“These shapes are based far more on handwriting than other fonts,” says Boer. Many dyslexic people find reading handwritten text easier than when it is typed.

“There is movement in it,” explains Boer. “The way we learn to write can often determine the shape of the letters and so it might be why our brains find them easier to distinguish.”
Many of the letters in Dyslexie also feature unusual serifs – the small lines added to the end of a stroke in a letter – that make them easier to distinguish. While serif fonts like Times New Roman are often hard for dyslexics to read, because the ticks at the tips on each stroke obscure the shape of the letter, Boer found adding certain serifs could help. On the letter “u”, for example, the vertical stick on the right-hand-side features a tapered flick to make it longer than the stick on the “n”.
“It makes the ‘u’ look unnatural when you put it upside down,” says Boer.
Capital letters are also bolder than other letters to help them stand out – a tweak that Boer added to help himself deal with his own difficulties.
“I often forget or miss the capital letters when I am writing, so by making them stand out more it helps me,” he explains. But after sending the font to other dyslexics he found he had to tone the tweak down. “Those with only mild dyslexia found the bold capitals difficult, so I have reduced it slightly so they don’t impair their reading but still can help those with more severe dyslexia.”

Initially, Boer produced the font as a project for his art degree at university. But he found there was a real demand for what he had produced, prompting him to turn it into a usable typeface that can be installed onto computers.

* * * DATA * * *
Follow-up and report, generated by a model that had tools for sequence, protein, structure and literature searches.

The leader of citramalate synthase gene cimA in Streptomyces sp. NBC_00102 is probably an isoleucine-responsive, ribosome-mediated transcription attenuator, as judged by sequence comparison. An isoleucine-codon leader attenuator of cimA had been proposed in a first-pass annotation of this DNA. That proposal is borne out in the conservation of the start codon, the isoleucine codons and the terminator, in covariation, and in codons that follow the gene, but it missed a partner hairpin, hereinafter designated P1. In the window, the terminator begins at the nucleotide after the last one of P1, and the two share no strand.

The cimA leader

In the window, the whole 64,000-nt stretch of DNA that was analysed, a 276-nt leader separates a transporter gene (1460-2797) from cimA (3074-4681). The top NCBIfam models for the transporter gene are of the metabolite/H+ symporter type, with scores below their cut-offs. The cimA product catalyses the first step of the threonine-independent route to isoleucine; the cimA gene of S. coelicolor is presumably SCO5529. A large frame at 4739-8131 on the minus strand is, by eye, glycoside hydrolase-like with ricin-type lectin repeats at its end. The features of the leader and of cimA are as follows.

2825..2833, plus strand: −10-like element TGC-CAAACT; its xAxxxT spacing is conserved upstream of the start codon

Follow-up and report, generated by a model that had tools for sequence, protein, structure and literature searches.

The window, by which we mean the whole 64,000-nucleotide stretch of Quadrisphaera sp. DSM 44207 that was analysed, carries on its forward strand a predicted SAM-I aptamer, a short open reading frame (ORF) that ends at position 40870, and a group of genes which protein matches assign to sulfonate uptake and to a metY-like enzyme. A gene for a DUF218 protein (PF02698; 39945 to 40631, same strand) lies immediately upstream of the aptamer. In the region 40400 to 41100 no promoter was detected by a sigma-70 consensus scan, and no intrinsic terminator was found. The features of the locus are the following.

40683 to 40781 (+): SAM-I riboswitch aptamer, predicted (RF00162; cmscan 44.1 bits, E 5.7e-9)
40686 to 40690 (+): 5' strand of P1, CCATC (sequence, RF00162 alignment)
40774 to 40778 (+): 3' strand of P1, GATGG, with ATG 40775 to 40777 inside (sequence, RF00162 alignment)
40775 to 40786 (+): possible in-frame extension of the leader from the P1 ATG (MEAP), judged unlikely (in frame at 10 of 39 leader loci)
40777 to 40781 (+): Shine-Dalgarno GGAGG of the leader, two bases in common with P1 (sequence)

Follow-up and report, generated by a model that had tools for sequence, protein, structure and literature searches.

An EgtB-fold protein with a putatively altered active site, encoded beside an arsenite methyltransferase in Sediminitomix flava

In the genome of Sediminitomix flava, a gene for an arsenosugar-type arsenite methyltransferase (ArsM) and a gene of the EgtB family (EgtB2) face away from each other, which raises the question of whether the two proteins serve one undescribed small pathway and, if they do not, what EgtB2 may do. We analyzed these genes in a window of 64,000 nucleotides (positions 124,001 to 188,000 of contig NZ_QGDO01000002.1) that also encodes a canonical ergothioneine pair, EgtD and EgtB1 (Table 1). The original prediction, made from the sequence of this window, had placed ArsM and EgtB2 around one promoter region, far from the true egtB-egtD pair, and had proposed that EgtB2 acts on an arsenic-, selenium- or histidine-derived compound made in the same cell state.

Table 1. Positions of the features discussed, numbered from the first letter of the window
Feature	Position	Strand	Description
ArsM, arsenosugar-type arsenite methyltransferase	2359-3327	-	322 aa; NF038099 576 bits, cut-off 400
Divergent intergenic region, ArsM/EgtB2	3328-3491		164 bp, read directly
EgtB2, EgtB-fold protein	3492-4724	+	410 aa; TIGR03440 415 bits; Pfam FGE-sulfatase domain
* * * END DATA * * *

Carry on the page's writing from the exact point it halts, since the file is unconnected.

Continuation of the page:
“I had initially thought I probably use it on my own computer to help me when I left college and started working,” he said. “I had no idea there were so many people out there suffering from dyslexia.”
In fact, between 10% and 20% of the population are thought to have some form of dyslexia. It is estimated that more than 700 million children and adults worldwide are at risk of lifelong literacy and social exclusion as a result of the condition.

Research conducted at the University of Twente has shown that dyslexic readers make fewer mistakes when reading text in Boer’s font, while eye tracking experiments conducted at France’s University of Lille also have shown that the gaze of dyslexics’ children flows more easily across a page of text using the font than other more traditional fonts.
Boer’s font is by no means the only typeface for people with dyslexia. Natascha Frensch, a graphic designer at the Royal College of Art, produced a font known as Read Regular in 2003 and the British Dyslexia Association also recommends using Arial, Comic Sans or Century Gothic. But Boer’s font exaggerates the asymmetary far more than these fonts to make them even easier to read. The demand for Dyslexie has been high. Since making the typeface available online in 2011, it has been downloaded more than 300,000 times, mainly by home users, but also by schools, universities and businesses.
“I just wish I had something like this when I was younger,” says Boer.